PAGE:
Certian Underwriters at Lloyd's London v. Lowen Valley View LLC et al

Filing 77

MEMORANDUM OPINION AND ORDER: The Court GRANTS Defendants' Opposed Motion to Compel Production of Certain Documents Withheld from Production [Dkt. No. 62 ]. (Ordered by Magistrate Judge David L. Horan on 6/9/2017) (mcrd)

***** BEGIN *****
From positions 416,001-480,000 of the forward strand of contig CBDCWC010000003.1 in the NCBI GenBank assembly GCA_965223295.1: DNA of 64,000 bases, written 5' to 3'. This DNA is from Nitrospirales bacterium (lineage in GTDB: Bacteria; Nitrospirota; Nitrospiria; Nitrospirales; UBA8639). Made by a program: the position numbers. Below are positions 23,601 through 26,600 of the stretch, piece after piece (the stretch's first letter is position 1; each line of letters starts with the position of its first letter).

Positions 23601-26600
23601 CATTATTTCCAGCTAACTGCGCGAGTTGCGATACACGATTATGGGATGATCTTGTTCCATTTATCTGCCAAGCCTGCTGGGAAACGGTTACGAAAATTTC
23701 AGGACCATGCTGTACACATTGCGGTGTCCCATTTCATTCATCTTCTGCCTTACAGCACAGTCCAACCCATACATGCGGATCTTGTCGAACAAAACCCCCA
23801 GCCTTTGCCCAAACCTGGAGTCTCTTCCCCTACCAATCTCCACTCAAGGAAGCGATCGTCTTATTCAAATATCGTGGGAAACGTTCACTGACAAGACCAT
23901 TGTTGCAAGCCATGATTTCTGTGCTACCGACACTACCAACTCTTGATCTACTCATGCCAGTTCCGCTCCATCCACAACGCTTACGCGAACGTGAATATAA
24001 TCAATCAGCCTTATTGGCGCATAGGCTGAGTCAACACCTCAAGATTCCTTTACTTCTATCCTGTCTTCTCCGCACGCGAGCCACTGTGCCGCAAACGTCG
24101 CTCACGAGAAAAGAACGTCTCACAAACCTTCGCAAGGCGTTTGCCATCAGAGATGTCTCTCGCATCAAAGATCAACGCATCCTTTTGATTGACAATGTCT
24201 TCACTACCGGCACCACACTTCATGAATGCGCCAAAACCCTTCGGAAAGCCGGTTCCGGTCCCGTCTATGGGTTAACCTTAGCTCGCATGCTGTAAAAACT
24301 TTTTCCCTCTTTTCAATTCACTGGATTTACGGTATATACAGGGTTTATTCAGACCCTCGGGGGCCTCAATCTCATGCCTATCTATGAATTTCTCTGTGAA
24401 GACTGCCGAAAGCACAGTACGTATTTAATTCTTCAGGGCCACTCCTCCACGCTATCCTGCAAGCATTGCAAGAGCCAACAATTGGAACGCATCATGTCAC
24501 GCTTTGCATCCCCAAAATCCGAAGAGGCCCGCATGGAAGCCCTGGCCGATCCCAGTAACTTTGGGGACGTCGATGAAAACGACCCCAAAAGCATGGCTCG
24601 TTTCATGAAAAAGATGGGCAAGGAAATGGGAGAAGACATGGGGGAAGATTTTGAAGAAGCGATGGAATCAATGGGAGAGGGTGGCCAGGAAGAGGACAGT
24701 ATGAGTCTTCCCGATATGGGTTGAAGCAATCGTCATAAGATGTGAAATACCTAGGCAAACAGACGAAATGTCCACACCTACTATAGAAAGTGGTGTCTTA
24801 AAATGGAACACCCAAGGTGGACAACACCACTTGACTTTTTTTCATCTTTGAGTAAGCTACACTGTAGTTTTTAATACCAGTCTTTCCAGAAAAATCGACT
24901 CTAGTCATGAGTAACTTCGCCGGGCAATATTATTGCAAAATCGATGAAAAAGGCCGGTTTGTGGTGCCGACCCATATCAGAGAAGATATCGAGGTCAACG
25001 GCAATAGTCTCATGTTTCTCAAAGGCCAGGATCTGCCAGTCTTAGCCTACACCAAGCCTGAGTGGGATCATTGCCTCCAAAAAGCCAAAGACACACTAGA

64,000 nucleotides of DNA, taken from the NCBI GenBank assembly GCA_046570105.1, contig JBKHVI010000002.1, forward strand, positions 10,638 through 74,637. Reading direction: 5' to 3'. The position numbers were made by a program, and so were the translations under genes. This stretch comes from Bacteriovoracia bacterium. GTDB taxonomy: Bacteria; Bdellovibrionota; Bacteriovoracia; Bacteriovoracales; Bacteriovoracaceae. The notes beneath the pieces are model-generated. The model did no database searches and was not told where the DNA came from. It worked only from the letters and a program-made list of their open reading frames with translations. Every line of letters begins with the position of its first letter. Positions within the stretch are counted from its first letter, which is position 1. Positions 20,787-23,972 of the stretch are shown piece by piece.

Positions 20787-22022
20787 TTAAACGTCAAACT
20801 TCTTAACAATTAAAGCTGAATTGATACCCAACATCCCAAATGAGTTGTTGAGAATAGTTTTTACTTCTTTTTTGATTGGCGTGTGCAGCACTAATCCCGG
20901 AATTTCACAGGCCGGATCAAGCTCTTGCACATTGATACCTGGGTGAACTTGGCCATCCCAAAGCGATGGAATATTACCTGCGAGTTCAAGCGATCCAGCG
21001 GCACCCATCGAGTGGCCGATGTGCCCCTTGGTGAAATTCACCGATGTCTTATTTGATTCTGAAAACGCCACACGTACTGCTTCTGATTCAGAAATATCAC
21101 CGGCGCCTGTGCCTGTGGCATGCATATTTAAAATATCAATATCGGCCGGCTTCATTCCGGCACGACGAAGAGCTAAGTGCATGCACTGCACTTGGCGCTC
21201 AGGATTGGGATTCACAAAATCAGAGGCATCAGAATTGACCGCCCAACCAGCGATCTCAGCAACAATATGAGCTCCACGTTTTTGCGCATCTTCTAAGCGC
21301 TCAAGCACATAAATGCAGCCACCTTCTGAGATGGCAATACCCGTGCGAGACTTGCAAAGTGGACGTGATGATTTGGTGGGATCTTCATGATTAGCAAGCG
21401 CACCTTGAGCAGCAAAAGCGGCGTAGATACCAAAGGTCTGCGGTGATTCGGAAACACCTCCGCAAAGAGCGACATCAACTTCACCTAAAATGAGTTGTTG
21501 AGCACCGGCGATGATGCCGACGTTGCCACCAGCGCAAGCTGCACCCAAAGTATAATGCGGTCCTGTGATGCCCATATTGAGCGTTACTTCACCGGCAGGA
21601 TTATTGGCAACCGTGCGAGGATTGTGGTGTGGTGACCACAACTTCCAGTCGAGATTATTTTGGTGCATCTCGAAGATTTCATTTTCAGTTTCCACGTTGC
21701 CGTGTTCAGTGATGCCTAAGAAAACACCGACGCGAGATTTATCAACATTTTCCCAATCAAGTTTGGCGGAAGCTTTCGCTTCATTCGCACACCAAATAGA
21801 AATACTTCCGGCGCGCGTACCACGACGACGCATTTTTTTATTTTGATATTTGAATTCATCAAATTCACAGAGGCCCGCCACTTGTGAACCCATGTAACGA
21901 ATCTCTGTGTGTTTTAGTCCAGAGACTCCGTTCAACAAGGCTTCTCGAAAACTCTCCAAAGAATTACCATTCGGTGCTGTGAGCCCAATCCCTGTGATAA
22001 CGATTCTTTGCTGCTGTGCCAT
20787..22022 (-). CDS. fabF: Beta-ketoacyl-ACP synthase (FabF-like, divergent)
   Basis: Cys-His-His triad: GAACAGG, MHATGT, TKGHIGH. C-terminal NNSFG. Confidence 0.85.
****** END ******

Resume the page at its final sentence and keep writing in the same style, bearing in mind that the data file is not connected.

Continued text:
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IN THE UNITED STATES DISTRICT COURT NORTHERN DISTRICT OF TEXAS DALLAS DIVISION CERTAIN UNDERWRITERS AT LLOYD’S OF LONDON, Syndicate Nos. 2003, 1414, 0510, 4472, 1182, 1200, and 4444, Subscribing to Policy Number NJL440003612, Plaintiff, V. LOWEN VALLEY VIEW, LLC and PANADE II LTD. d/b/a HILTON GARDEN INN, Defendants. § § § § § § § § § § § § § § § No. 3:16-cv-465-B MEMORANDUM OPINION AND ORDER1 Defendants Lowen Valley View, LLC and Panade II, Ltd. d/b/a Hilton Garden Inn have filed an Opposed Motion to Compel Production of Certain Documents Withheld from Production [Dkt. No. 62] (the “MTC”), seeking an order under Federal Rules of Civil Procedure 37(a) to order Plaintiff Certain Underwriters at Lloyd’s of London (“Certain Underwriters”) to produce three withheld documents. United States District Judge Jane J. Boyle has referred the MTC to the undersigned United States magistrate judge for hearing, if necessary, and Under § 205(a)(5) of the E-Government Act of 2002 and the definition of “written opinion” adopted by the Judicial Conference of the United States, this is a “written opinion[] issued by the court” because it “sets forth a reasoned explanation for [the] court’s decision.” It has been written, however, primarily for the parties, to decide issues presented in this case, and not for publication in an official reporter, and should be understood accordingly. 1 -1- determination under 28 U.S.C. § 636(b). See Dkt. No. 65. Certain Underwriters filed a response, see Dkt. No. 67; Defendants filed a reply, see Dkt. No. 72; and Certain Underwriters filed a sur-reply, see Dkt. No. 80. The Court determines that a hearing or oral argument is not necessary to resolve the MTC. In their reply, “Defendants concede that [Certain Underwriters] have met their burden to show that the document Bates numbered Lloyds 00387 was properly withheld based on the attorney-client communication privilege.” Dkt. No. 72 at 2. But remaining for decision is whether Certain Underwriters must produce three documents withheld as protected work product: (1) Lloyds 00381-00383, report dated April 1, 2015; (2) Lloyds 00399-00402, report dated May 23, 2015; and (3) Lloyds 00387-00398, Frontier Notes Report dated March 11, 2015 – August 5, 2016. According to Defendants, the first two documents are “reports are from Justin Whedbee of Frontier Adjusters to Ross Fry of Peninsula Insurance Bureau, the claims administrator for Certain Underwriters,” and “were made by Frontier Adjusters while they were adjusting the claim for Certain Underwriters.” Dkt. No. 63 at 5. Defendants note that “Derek Phipps, the independent adjuster assigned to the Lowen claim testified that Frontier Adjusters used these reports to document his investigation and make recommendations.” Id. And the third document is a set of log notes “created by adjusters not employed by Certain Underwriters, Justin Whedbee of Frontier and/or Derek Phipps, the independent adjusters with Frontier.” Id. at 6. Defendants note that “Phipps testified that the notes are made to document evaluations that occur during the adjustment of the claim.” Id. -2- The pertinent procedural and factual background is familiar to the parties, and the Court will not repeat it here. The following legal standards govern Certain Underwriters’ assertion of workproduct protection: [T]he issue of whether documents are exempt from discovery under the attorney work product doctrine is governed by federal law.... The federal work product doctrine, as codified by Federal Rule of Civil Procedure 26(b)(3), provides for the qualified protection of documents and tangible things prepared by or for a party or that party’s representative “in anticipation of litigation or for trial.” A document need not be generated in the course of an ongoing lawsuit in order to qualify for work product protection. But “the primary motivating purpose” behind the creation of the document must be to aid in possible future litigation. As the advisory committee notes to Rule 26(b)(3) make clear, “[m]aterials assembled in the ordinary course of business, or pursuant to public requirements unrelated to litigation, or for other nonlitigation purposes are not under the qualified immunity provided by this subdivision.” Among the factors relevant to determining the primary motivation for creating a document are “‘the retention of counsel and his involvement in the generation of the document and whether it was a routine practice to prepare that type of document or whether the document was instead prepared in response to a particular circumstance.’” If the document would have been created without regard to whether litigation was expected to ensue, it was made in the ordinary course of business and not in anticipation of litigation. Like all privileges, the work product doctrine must be strictly construed. The burden is on the party who seeks work product protection to show that the materials at issue were prepared by its representative in anticipation of litigation or for trial. A general allegation of work product protection is insufficient to meet this burden. Instead, “‘a clear showing must be made which sets forth the items or categories objected to and the reasons for that objection.’” The proponent must provide sufficient facts by way of detailed affidavits or other evidence to enable the court to determine whether the documents constitute work product. Although a privilege log and an in camera review of documents may assist the court in conducting its analysis, a party asserting the work product exemption still must provide “a detailed description of the materials in dispute and state specific and precise reasons for their claim of protection from disclosure.” In fact, “‘resort to in camera review is -3- appropriate only after the burdened party has submitted detailed affidavits and other evidence to the extent possible.’” OrchestrateHR, Inc. v. Trombetta, No. 3:13-cv-2110-P, 2014 WL 884742, at *2 (N.D. Tex. Feb. 27, 2014) (citations omitted). “If a party meets its burden and proves that the materials sought warrant work product protection, the party seeking discovery must prove why those materials should still be produced.” S.E.C. v. Brady, 238 F.R.D. 429, 443 (N.D. Tex. 2006). Rule 26(b)(3) instructs the court to “protect against disclosure of the mental impressions, conclusions, opinions, or legal theories of an attorney or other representative of a party concerning the litigation.” FED. R. CIV. P. 26(b)(3). A party may only obtain discovery of documents prepared in anticipation of litigation or for trial upon showing that the party seeking discovery has (1) substantial need of the materials to prepare for his or her case and (2) that the party cannot obtain the substantial equivalent of the materials by other means without undue hardship. See id. In support of its response and withholding of the documents at issue, Certain Underwriters submitted the Affidavit of Brian Wall. See Dkt. No. 69 at 12-13 of 13. Mr. Wall attests: 2. “I am currently a member of the Property Claims team at Syndicate 2013. I manage the investigation and resolution of property damage claims made under relevant policies.” 3. “During the investigation of the claim made by the Insured, Lowen Valley View, Panade II, Ltd d/b/a Hilton Garden Inn, once the issues of late notice and the prejudice suffered by Underwriters arose, a determination was made that litigation was probable.” 4. “On March 2, 2015, Peninsula Insurance Bureau sent a letter to Lowen Valley View, LLC stating that as a result of the loss, Underwriters would be proceeding with the investigation under a full and complete -4- reservation of rights.” 5. “From March 2, 2015, the actions taken by the representatives of Underwriters were in expectation of litigation.” 6. “Once the investigation was complete, the determination regarding the late notice and prejudice was confirmed.” 7. “On February 18, 2016, a Denial Letter based on late notice was sent to Ajay Desai at Lowen Valley View, LLC.” Id. Based on this testimony, Certain Underwriters assert as follows: • • • .... After receiving notice, Underwriters’ investigation of the Loss began with the January 12, 2015 inspection of the Property conducted by the independent adjuster, Derek Phipps (“Phipps”) of Frontier Adjusters (“Frontier”). Phipps was retained for the limited purpose of inspecting the Property, documenting the damage he observed, and reporting recommendations for repair. On January 19, 2015, Phipps completed an estimate for repair of damage noted during the inspection in the net amount of $472,028.08. On March 2, 2015, Peninsula Insurance Bureau sent a letter to Defendants stating that as a result of the late reporting of the loss, Underwriters would be proceeding with the investigation under a full and complete reservation of rights (“the ROR Letter¨). Underwriters subsequently retained Tim P. Marshall, Principal Engineer and Meteorologist at Haag Engineering (“Haag”), who analyzed data relating to weather activity in the vicinity of the Property. Marshall determined that three hail events, involving hail greater than one inch in diameter, occurred outside the Policy period – between March 10, 2010 and April 3, 2012. In sum, because of the passage of time and the numerous hail events that occurred from 2010 to 2012, it is not possible to definitively discern which hail event, if any, caused the damage to the Property. The two Frontier reports withheld from discovery constitute ordinary work-product. They were prepared in anticipation of litigation by a representative of Underwriters. These reports are dated April 1, 2015 (Lloyds 00381-00383) and May 23, 2015 (Lloyds 00399-00402) and were written by Justin Whedbee, General Adjuster of Frontier Adjusters (“Whedbee”), and sent to Ross Fry of Peninsula Insurance Bureau. .... These reports were generated after the transmission of the ROR Letter and when Underwriters had reason to believe litigation would ensue. As -5- such, they are protected by the work-product protection privilege. .... The Frontier Notes Report includes twenty-eight (28) entries prepared by Phipps and Whedbee. These notes range in date from March 11, 2015 – August 5, 2016 and bear bates label numbers Lloyds 00387-00398. Twenty-seven (27) of the Frontier Notes that have been withheld from discovery constitute ordinary work-product prepared in anticipation of litigation by representatives of Underwriters. These entries were created after the ROR Letter was sent to Defendants and after Underwriters reasonably anticipated litigation would arise. Additionally, of these twenty-eight (28) entries, nine (9) were drafted after Underwriters retained the law firm of Holman Fenwick Willan USA LLP, which is yet another factor this Court can rely on to determine the primary motivation for the creation of these notes was in anticipation of litigation. Dkt. No. 68 at 2, 5-7 (footnotes omitted). In their reply, “Defendants object to Wall’s affidavit in its entirety because he does not establish that his affidavit is based on personal knowledge. The affidavit is self-serving and uncorroborated by support on the record. In addition, paragraphs 3 and 5 of Wall’s affidavit as they are purely conclusory, devoid of supporting facts, and illogical.” Dkt. No. 72 at 2. But, particularly in this context, these objections go to the weight, if any, to afforded – not the admissibility per se of – this testimony in support of Certain Underwriters’ work-product claims. Defendants also reply that Certain Underwriters “withheld documents of the type typically prepared for ordinary business purposes which were created before anticipation of litigation was objectively reasonable” and “have not established that the primary motivating purpose behind the creation of withheld documents was to aid in possible future litigation.” Dkt. No. 73 at 2. Defendants contend that “[t]he primary motivating purpose behind the creation of the adjuster’s notes was not to help litigate -6- over those claims but rather to make a coverage and payment determination.” Id. Without the Court’s leave, Certain Underwriters filed a sur-reply, asserting that “1. As a result of the thirty month delay in Defendants' reporting of the claim Underwriters anticipated litigation very early; 2. Brian Wall's affidavit is sufficient and Plaintiffs' objections should be overruled; and 3. The documents withheld from discovery were prepared in anticipation of litigation and therefore, are protected from discovery by the work-product privilege.” Dkt. No. 75 at 1. The Court will consider Certain Underwriters’ response to Defendants’ objections to Mr. Wall’s affidavit. See id. at 5-6. But, otherwise, the Court notes that, once a motion is filed, the Local Civil Rules permit a response by the nonmovant and a reply by the movant. See N.D. TEX. L. CIV. R. 7.1. The movant therefore is entitled to file the last pleading. Sur-replies, and any other filing that serves the purpose or has the effect of a sur-reply, are highly disfavored, as they usually are a strategic effort by the nonmovant to have the last word on a matter. Filing a sur-reply requires leave of court and a showing of good cause or exceptional circumstances. Consequently, a party must not seek leave to file a sur-reply as a routine matter. Here, Defendants’ reply did not include any new evidence or legal theories in support of their MTC that Certain Underwriters, in fairness, must be given an opportunity to address. See Austin v. Kroger Texas, L.P., ___ F.3d ___, No. 16-10502, 2017 WL 1379453, at *8 (5th Cir. Apr. 14, 2017) (“As to Austin’s motion to file a surreply, the district court did not abuse its discretion because Kroger did not raise any new arguments in its reply brief, and Austin did not discuss his expert report on -7- causation.”). The Court therefore will not consider the other argument in the sur-reply. Other judges in this circuit have considered work-product claims in similar contexts. In a case in which an insurer withheld “approximately 134 documents on grounds of attorney-client privilege, work product doctrine, and the investigative privilege” and “[t]he documents at issue, which are listed on Defendant’s First Amended Privilege Log, include communications and notes regarding communications between Defendant's employees, in-house counsel, and attorneys with the law firm of Thompson Coe Cousins & Irons, LLP,” the court noted that [c]ourts have routinely recognized that the investigation and evaluation of claims is part of the regular, ordinary, and principal business of insurance companies. See, e.g., lanelogic, Inc. v. Great American Spirit Ins. Co., No. 3:08-CV-1164-BD, 2010 WL 1839294, at *5 (N.D. Tex. May 6, 2010) (citing cases). “[E]ven though litigation is pending or may eventually ensue does not cloak such routinely generated documents with work product protection.” Id. In the context of an insurance dispute, the question of whether documents are work product often depends on whether the insurer can point to a definite shift from acting in its ordinary course of business to acting in anticipation of litigation. Id; see also U.S. Fire Ins. Co. v. Bunge N. Am., Inc., 247 F.R.D. 656, 659 (D. Kan. 2007). .... Although Plaintiff disputes that these facts provide “a solid basis for questioning Plaintiff's claim,” [the] explanation [in the sworn declaration of its Special Investigations Designee, Denise Lupear,] demonstrates that Defendant’s investigation of Plaintiff's claim differed from an ordinary coverage investigation almost from its inception. The initial loss report from the broker to Defendant on March 6, 2012 characterized Plaintiff's claim as “very suspicious” and requested that Defendant assign the claim directly to the Special Investigations Unit. The next day, Plaintiff retained counsel because of questions concerning the validity of its claim. On March 9, Defendant learned that local police were so suspicious of the alleged theft that they wanted [Plaintiff’s owner] to submit to a polygraph interview. Under these circumstances, the Court has little difficulty in determining that, by the time Lupear first contacted Thompson Coe on March 30, Defendant anticipated litigation with Plaintiff and retained -8- counsel for the specific purpose of obtaining legal services and advice in preparation for litigation. Thus, Plaintiff is not entitled to the withheld documents. MM United Enter., Inc. v. AGCS Marine Ins. Co., No. 3:12-cv-3744-L, 2013 WL 12126235, at *4 (N.D. Tex. June 18, 2013) (citations and footnote omitted). In another decision that “relate[d] to a discovery dispute plaintiff OneBeacon Insurance Company (‘OneBeacon’) and defendants T. Wade Welch & Associates (the ‘Welch Firm’) and T. Wade Welch (collectively, the ‘Welch Litigants’) [were] having about OneBeacon’s assertion that its claims notes on or after December 22, 2010, [were] protected by either the attorney-client privilege or the work-product doctrine,” the court explained that [h]ere, the main issue is whether OneBeacon’s communications with outside counsel relating to coverage are privileged and protected or whether, instead, OneBeacon’s counsel was merely performing the ordinary business functions of an insurance company. “To the extent [an] attorney acted as a claims adjuster, claims process supervisor, or claim investigation monitor, and not as a legal advisor, the attorney-client privilege would not apply.” Harper v. Auto-Owners Ins. Co., 138 F.R.D. 655, 671 (S.D. Ind.1991). Similarly, “[d]ocuments created by an insurer or its representative tend not to be protected by the work product doctrine if they were prepared as a ‘more or less routine investigation of a possibly resistible claim.’ ” Kan. City S. Ry. Co. v. Nichols Constr. Co., L.L.C., Nos. 05–1182, 05–5220, 05–4653, 2007 WL 2461014, at *5 (E.D. La. Aug.27, 2007) (quoting Tejada Fashions Corp. v. Yasuda Fire & Marine Ins. Co. (U.K.), Ltd., No. 83 Civ. 5512(RO), 1984 WL 500, at *3 (S.D.N.Y. June 18, 1984)). Thus, the key question is when did OneBeacon shift from merely investigating the claim to anticipating litigation. The Fifth Circuit has noted that litigation pertaining to coverage is appropriately anticipated from the date an insurer has a “solid basis to question the ... insurance claim.” Dunn v. State Farm Fire & Cas. Co., 927 F.2d 869, 875 (5th Cir. 1991). .... While the court agrees that often the date an insurer anticipates litigation is the date that it denies coverage, a bright-line rule is -9- inappropriate. .... Here, unlike in [Lanelogic Inc. v. Great Am. Spirit Ins. Co., No. 3:08-cv-1164-BD, 2010 WL 1839294 (N.D. Tex. May 6, 2010)], OneBeacon has pinpointed a “definite shift from acting in its ordinary course of business to acting in anticipation of litigation.” The Welch Defendants argue that this court, like the Lanelogic court, should determine that any documents related to the investigation that predate OneBeacon’s coverage determination cannot have been created in anticipation of litigation and therefore were created in the course of OneBeacon's ordinary business. OneBeacon asserts it attorneys were giving legal advice relating to coverage and other issues because litigation was reasonably anticipated after OneBeacon received the demand letter from DISH. The conclusory statement that OneBeacon anticipated litigation, standing alone, is not enough to show that OneBeacon anticipated litigation and that the attorney-client privilege or work-product doctrine should protect communications with attorneys about coverage or documents prepared by OneBeacon's attorneys after this date. See Lanelogic, 2010 WL 1839294, at *6 (considering the insurance company's statement that “the primary motivating purpose for the creation of such documents was to aid in possible future litigation” to be “self-serving” and finding that “other evidence suggests that litigation concerns were not the primary motivating purpose behind the creation of the documents at issue”). However, when one couples the statement that the matter was referred to outside counsel in anticipation of litigation with the contents of the letter received from DISH on December 22, 2010, and considers this information in light of the claims at issue in this litigation, it is entirely reasonable to believe that OneBeacon referred the matter to outside counsel in anticipation of litigation. OneBeacon Ins. Co. v. T. Wade Welch & Assocs., No. Civ. A. H-11-3061, 2013 WL 6002166, at *1, *5, *6 (S.D. Tex. Nov. 12, 2013) (footnote and citations omitted). Unlike the circumstances presented in those cases, here Certain Underwriters have not explained how, and presented evidence of specific and precise facts to show that, the primary motivating purpose behind the creation of these particular reports and notes was to aid in possible future litigation. Even if Certain Underwriters have shown that litigation was reasonably anticipated at the time of these documents’ -10- creation after there was a definite shift from acting in its ordinary course of business to acting in anticipation of litigation or that there was a solid basis to question the insurance claim, Certain Underwriters have not shown that these particular documents created by these particular adjusters would have not been created without regard to whether litigation was expected to ensue and were not made in the ordinary course of business as opposed to in anticipation of litigation. Certain Underwriters have failed to meet their burden to support withholding these documents as protected work document and therefore must, by June 16, 2017, produce to Defendants the withheld documents labeled as (1) Lloyds 00381-00383; (2) Lloyds 00399-00402; and (3) Lloyds 00388-00398. But, considering all of the circumstances here and the Court’s ruling above, the Court orders, under Federal Rule of Civil Procedure 37(a)(5), that the parties will bear their own expenses, including attorneys’ fees, in connection with the MTC. Conclusion For the reasons and to the extent explained above, the Court GRANTS Defendants’ Opposed Motion to Compel Production of Certain Documents Withheld from Production [Dkt. No. 62]. SO ORDERED. DATED: June 9, 2017 _________________________________________ DAVID L. HORAN UNITED STATES MAGISTRATE JUDGE -11-